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AI Algorithm allegedly leads to Medicare Advantage Denial of Claims

Summary:
Industry has been talking about AI (Artificial Intelligence) for a while now. And of course, industry has been looking to reduce the amount of labor input with AI. Having used computerized systems such as MRPII, ERP, etc., I have always followed the wisdom of people such as Oliver Wight and George Plossl. The system is as accurate as the input to it. Which means, you have to check your work. A system can also be used to intentionally mislead in its results. That is the topic of this commentary. A Law Suit alleges the company uses an algorithm to “prematurely and in bad faith” halt payments for healthcare services. UnitedHealth AI algorithm allegedly led to Medicare Advantage denials, a lawsuit claims, Healthcare Finance, Jeff Lagasse, Associate

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Industry has been talking about AI (Artificial Intelligence) for a while now. And of course, industry has been looking to reduce the amount of labor input with AI. Having used computerized systems such as MRPII, ERP, etc., I have always followed the wisdom of people such as Oliver Wight and George Plossl. The system is as accurate as the input to it. Which means, you have to check your work. A system can also be used to intentionally mislead in its results. That is the topic of this commentary.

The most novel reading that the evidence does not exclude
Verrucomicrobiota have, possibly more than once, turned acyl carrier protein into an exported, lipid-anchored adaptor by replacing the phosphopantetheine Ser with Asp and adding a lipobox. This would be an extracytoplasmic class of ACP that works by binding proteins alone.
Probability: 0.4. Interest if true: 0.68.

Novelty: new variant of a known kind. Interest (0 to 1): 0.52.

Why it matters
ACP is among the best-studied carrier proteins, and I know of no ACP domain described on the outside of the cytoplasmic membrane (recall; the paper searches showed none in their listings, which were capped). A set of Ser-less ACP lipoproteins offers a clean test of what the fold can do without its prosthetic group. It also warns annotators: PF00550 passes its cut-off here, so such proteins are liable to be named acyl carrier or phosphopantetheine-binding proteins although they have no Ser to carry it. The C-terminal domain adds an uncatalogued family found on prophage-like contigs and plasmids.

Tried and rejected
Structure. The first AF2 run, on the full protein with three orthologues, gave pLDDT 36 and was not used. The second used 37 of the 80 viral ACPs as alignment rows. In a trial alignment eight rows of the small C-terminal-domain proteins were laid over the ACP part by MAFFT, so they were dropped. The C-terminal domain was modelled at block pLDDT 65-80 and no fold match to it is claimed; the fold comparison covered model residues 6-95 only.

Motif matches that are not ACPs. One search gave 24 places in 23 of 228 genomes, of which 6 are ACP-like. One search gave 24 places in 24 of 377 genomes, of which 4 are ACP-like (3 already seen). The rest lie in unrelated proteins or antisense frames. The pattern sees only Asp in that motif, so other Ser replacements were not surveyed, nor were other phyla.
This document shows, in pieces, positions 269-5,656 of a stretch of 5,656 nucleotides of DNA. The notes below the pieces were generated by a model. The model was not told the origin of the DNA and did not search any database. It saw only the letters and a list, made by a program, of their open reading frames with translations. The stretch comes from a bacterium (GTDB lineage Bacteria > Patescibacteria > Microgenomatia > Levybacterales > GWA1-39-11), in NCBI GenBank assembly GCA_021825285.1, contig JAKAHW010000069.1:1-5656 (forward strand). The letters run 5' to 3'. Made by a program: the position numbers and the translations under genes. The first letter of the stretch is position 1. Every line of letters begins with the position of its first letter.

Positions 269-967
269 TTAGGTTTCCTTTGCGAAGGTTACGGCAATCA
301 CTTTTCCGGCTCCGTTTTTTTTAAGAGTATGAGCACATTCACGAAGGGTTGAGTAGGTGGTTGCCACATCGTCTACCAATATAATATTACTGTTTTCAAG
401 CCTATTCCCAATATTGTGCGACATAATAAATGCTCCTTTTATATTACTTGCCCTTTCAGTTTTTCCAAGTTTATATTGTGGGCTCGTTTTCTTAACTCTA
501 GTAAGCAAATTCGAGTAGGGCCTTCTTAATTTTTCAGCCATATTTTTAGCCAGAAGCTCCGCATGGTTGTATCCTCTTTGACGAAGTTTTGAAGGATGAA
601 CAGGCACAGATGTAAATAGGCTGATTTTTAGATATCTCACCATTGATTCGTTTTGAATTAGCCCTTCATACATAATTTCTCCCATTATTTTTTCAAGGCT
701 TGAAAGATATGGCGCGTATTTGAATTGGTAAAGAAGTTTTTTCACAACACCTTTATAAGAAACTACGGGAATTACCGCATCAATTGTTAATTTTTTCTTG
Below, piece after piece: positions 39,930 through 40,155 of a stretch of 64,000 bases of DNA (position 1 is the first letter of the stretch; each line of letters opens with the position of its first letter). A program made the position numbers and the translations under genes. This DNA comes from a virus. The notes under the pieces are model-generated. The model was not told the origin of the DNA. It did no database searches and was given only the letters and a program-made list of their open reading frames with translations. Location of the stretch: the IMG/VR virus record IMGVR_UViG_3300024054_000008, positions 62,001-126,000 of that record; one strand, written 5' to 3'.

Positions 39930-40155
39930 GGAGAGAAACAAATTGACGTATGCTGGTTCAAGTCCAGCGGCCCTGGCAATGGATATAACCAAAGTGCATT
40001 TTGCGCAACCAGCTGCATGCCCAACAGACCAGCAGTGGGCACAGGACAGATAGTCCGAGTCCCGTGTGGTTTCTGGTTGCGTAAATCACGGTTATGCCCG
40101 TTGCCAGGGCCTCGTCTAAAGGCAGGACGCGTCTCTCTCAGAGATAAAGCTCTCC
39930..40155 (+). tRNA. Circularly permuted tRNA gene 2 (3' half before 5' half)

A Law Suit alleges the company uses an algorithm to “prematurely and in bad faith” halt payments for healthcare services.

UnitedHealth AI algorithm allegedly led to Medicare Advantage denials, a lawsuit claims, Healthcare Finance, Jeff Lagasse, Associate Editor

class action lawsuit filed this week alleges that healthcare giant UnitedHealth Group unlawfully used an artificial intelligence algorithm to deny rehabilitative care to sick Medicare Advantage patients.

The suit claims that UnitedHealth knew the AI algorithm had a high potential for error.